Pre-approval access is evolving at a rapid pace. Mark Corbett (pictured), Executive Vice President of Medicines Access at Inceptua, gives you an overview of the key benefits of utilising pre-approval access programs in your market strategy while helping more patients get access to medicines.
Pre-approval access to medicines is a hot topic. The majority of major oncology and rare disease medicines which have come to the market over the last few years were provided to patients in need prior to licensing via some form of pre-approval access program.
With most drugs being launched first in the US, a US Expanded Access Program (EAP) is usually the first step in any pre-approval access to a new medicine. Typically, medicines are provided free of charge, and the duration of the EAP is usually a few months, from filing until commercial availability.
Support global commercialisation
However, the US EAP component of pre-approval access is just the tip of the iceberg in terms of potential patient numbers. Most companies with an eye to global commercialisation extend the pre-approval access scope to encompass most of the major markets in Europe. This has multiple benefits. Firstly, due to the way the filing and reimbursement process works in the EU (where despite centralised EMA approval, in-country pricing and reimbursement negotiations can take years), pre-approval access in the EU is a crucial route to allow patients in need to gain access to a promising medicine which has been approved and is available in the US. In addition to this direct benefit for patients who have explored all existing treatment options in their country, it allows companies to gain early experience in their key markets.
Beyond these key launch markets, pre-approval access is also utilised by many companies to allow patients access to their medicines in countries where they never intend to commercialise either due to patient numbers not warranting a specific country launch, or where the company has no commercial footprint to support commercial launch.
The regulatory environment for pre-approval access is evolving at a rapid pace, with many new developments in recent years designed to improve and simplify the process of access. The majority of countries are supportive of pre-approval access, seeing them as a way to allow patients in their country to gain access to promising medicines.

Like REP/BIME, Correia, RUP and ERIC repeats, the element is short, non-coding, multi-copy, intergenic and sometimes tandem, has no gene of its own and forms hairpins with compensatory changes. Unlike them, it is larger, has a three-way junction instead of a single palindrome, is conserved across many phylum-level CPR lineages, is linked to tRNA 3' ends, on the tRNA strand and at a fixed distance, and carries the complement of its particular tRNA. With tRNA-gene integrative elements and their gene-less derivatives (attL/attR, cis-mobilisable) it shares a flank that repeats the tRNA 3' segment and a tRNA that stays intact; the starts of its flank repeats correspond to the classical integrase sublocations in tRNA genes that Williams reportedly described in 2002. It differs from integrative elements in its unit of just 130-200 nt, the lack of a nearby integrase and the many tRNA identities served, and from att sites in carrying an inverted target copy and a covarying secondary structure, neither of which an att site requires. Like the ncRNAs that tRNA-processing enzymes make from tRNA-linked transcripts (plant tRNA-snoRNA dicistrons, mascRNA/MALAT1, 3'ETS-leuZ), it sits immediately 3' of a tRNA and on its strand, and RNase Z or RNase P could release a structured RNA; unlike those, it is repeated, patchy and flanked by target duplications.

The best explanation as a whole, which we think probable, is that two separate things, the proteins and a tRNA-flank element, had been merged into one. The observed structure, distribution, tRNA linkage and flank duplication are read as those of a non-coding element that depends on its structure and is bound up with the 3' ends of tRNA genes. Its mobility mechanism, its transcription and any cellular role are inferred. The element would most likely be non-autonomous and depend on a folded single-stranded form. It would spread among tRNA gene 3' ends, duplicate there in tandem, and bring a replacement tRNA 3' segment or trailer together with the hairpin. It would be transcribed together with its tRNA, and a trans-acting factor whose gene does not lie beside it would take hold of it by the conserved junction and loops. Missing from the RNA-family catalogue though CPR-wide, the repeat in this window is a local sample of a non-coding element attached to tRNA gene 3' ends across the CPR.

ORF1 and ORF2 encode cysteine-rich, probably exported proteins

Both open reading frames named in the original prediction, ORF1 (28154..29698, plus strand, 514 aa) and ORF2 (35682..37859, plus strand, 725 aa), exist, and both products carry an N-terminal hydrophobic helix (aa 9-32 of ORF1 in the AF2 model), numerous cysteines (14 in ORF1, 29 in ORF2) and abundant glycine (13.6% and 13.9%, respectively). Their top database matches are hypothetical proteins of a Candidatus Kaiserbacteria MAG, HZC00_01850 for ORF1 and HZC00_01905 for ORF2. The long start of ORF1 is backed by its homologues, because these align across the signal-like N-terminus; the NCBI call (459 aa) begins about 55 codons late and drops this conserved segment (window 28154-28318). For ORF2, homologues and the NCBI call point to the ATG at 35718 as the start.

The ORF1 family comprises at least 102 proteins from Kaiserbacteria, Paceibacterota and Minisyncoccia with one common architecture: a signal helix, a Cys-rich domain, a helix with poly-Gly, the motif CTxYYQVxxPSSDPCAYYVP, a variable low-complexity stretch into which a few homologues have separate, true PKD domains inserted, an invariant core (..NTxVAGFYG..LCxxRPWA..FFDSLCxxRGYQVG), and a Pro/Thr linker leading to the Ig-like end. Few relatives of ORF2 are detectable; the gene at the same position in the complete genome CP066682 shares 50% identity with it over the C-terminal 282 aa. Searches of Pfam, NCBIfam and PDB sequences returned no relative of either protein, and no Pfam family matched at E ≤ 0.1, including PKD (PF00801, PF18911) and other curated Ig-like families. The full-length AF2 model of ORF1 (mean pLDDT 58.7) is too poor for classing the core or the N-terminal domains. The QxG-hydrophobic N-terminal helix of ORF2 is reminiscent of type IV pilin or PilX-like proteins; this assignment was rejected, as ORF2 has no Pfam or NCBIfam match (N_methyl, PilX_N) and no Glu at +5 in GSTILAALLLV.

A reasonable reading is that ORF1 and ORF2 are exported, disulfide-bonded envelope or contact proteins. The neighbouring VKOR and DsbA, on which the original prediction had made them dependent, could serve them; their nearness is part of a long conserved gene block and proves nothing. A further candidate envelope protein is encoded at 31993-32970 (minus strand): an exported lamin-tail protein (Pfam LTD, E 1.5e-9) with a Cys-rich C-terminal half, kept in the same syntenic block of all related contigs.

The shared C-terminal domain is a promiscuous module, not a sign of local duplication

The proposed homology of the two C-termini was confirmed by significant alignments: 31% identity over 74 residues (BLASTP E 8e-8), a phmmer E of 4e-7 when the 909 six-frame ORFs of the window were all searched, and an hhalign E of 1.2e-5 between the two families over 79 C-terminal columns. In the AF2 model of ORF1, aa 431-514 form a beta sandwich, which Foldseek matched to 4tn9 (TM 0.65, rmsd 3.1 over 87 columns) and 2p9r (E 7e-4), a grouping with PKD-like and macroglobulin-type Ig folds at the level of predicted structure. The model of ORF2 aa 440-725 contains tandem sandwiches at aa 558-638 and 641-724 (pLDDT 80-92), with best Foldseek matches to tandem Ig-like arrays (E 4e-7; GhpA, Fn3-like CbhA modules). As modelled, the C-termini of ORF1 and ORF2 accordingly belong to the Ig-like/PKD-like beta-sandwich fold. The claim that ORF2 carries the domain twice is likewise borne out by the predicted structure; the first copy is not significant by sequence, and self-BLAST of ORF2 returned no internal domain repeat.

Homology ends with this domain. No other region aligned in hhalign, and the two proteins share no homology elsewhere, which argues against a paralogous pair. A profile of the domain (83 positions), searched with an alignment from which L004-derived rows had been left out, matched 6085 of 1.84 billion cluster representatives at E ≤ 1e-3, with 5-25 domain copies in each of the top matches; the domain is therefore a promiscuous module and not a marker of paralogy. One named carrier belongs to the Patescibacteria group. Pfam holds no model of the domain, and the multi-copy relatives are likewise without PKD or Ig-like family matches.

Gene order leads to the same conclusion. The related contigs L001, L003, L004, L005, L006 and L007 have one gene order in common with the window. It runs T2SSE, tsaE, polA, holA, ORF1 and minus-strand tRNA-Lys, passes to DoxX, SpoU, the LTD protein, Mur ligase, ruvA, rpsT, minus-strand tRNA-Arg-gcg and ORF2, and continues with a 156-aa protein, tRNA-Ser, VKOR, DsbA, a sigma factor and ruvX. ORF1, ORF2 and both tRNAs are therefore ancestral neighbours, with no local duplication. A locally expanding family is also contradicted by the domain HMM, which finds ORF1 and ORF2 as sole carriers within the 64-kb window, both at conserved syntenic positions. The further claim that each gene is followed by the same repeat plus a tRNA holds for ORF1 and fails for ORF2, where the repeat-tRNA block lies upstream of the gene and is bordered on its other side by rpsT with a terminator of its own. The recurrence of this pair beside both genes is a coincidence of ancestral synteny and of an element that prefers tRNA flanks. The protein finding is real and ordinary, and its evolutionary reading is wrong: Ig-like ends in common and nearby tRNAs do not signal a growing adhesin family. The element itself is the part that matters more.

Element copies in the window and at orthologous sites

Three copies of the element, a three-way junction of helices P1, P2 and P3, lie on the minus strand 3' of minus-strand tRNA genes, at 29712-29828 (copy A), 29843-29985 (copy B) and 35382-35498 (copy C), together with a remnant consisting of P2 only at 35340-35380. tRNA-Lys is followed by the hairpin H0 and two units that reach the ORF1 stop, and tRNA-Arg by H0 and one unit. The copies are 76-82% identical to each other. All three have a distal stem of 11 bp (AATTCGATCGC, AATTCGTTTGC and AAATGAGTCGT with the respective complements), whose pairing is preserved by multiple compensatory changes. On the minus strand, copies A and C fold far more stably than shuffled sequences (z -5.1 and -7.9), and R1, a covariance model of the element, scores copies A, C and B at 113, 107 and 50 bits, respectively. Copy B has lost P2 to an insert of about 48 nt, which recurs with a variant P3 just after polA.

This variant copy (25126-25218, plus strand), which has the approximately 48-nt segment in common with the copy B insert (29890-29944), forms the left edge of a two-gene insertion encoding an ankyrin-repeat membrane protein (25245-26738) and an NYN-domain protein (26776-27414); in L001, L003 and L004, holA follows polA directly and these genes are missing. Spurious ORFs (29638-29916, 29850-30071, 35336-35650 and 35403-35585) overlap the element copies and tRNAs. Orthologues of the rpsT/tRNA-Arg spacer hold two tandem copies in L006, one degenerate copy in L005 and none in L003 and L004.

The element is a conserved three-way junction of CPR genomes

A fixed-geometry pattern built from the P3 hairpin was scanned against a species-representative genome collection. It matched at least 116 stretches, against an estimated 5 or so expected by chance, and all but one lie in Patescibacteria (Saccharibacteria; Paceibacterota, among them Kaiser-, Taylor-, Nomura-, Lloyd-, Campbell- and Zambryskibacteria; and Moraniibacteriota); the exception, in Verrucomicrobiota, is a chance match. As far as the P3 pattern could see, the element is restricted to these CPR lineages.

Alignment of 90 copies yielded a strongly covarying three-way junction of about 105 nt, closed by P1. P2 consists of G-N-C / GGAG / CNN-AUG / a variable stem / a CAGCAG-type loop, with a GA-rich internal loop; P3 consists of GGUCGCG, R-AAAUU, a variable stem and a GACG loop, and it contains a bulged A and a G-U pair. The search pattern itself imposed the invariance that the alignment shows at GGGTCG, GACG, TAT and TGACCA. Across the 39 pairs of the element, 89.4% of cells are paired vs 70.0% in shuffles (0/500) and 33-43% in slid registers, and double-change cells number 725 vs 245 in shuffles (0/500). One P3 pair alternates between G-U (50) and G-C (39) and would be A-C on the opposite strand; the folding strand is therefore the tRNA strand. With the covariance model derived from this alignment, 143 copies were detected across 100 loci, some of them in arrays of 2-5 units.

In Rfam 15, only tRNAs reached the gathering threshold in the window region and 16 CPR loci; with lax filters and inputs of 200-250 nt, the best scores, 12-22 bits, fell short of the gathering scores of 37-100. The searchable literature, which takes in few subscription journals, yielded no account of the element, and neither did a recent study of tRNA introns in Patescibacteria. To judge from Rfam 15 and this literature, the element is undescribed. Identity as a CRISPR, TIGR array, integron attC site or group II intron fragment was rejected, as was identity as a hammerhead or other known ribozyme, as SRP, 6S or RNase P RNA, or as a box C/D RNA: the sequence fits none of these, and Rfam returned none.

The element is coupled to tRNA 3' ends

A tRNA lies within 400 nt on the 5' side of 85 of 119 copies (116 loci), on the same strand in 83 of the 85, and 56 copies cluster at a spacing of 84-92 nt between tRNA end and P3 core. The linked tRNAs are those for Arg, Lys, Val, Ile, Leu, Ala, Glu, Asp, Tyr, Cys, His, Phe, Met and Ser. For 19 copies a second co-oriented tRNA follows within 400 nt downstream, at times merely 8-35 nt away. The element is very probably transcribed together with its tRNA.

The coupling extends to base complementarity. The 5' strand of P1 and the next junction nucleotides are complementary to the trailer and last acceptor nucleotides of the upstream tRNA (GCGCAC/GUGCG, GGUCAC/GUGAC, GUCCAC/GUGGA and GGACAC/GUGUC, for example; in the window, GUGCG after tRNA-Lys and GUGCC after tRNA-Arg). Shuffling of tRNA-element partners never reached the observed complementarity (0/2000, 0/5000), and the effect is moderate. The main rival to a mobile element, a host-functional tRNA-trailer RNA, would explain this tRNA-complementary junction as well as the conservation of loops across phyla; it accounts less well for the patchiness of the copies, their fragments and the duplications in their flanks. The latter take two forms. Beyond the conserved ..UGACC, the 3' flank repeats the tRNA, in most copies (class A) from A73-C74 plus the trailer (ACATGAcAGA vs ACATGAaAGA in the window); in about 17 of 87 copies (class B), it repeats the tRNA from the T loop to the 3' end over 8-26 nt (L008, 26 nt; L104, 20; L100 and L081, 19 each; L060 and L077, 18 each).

As part of this evolution, the collection of clinical outcomes data is becoming more commonplace in the pre-approval setting. Although such data does not have the robustness of clinical trials data, it is a good early benchmark of how a product is performing in a patient population more reflective of the commercial setting.
No need to be concerned
Many companies still have reservations about pre-approval access. The most commonly cited reasons for a reluctance to open a pre-approval access program are concerns about cannibalising ongoing clinical trials, and concerns about revealing unexpected safety signals prior to licensing.
Both of these concerns, however, don’t come into being in reality. Firstly, physicians know they should enrol a patient in an ongoing clinical trial (if they are eligible) before exploring the pre-approval access route. In fact, pre-approval access programs often help recruitment into clinical trials by making physicians aware of suitable trials within their countries.
Safety/adverse event concerns are not based on any demonstrable data. In fact, a recent analysis has shown that clinical holds imposed based on AEs identified during EAPs in the US are far less frequent than those imposed during normal commercial development of a drug (0.2% vs 7.9%).
In order to reassure companies about this, the FDA issued clarification in October 2017 about how it handles adverse event data from EAPs. It stated that it was not aware of instances in which adverse event information from an EAP had prevented the FDA from approving a drug. It went on to say that FDA reviewers of such adverse event data understand the context in which the EAP use was permitted and will evaluate any adverse event data obtained from an expanded access submission within that context.
For all products meeting a high unmet need, a key part of your market access strategy should encompass pre-approval access. The benefits vastly outweigh the risks.
Learn more: For more information about and/or advice on pre-approval access to medicines, you are welcome to contact the author Mark Corbett: firstname.lastname@example.org.
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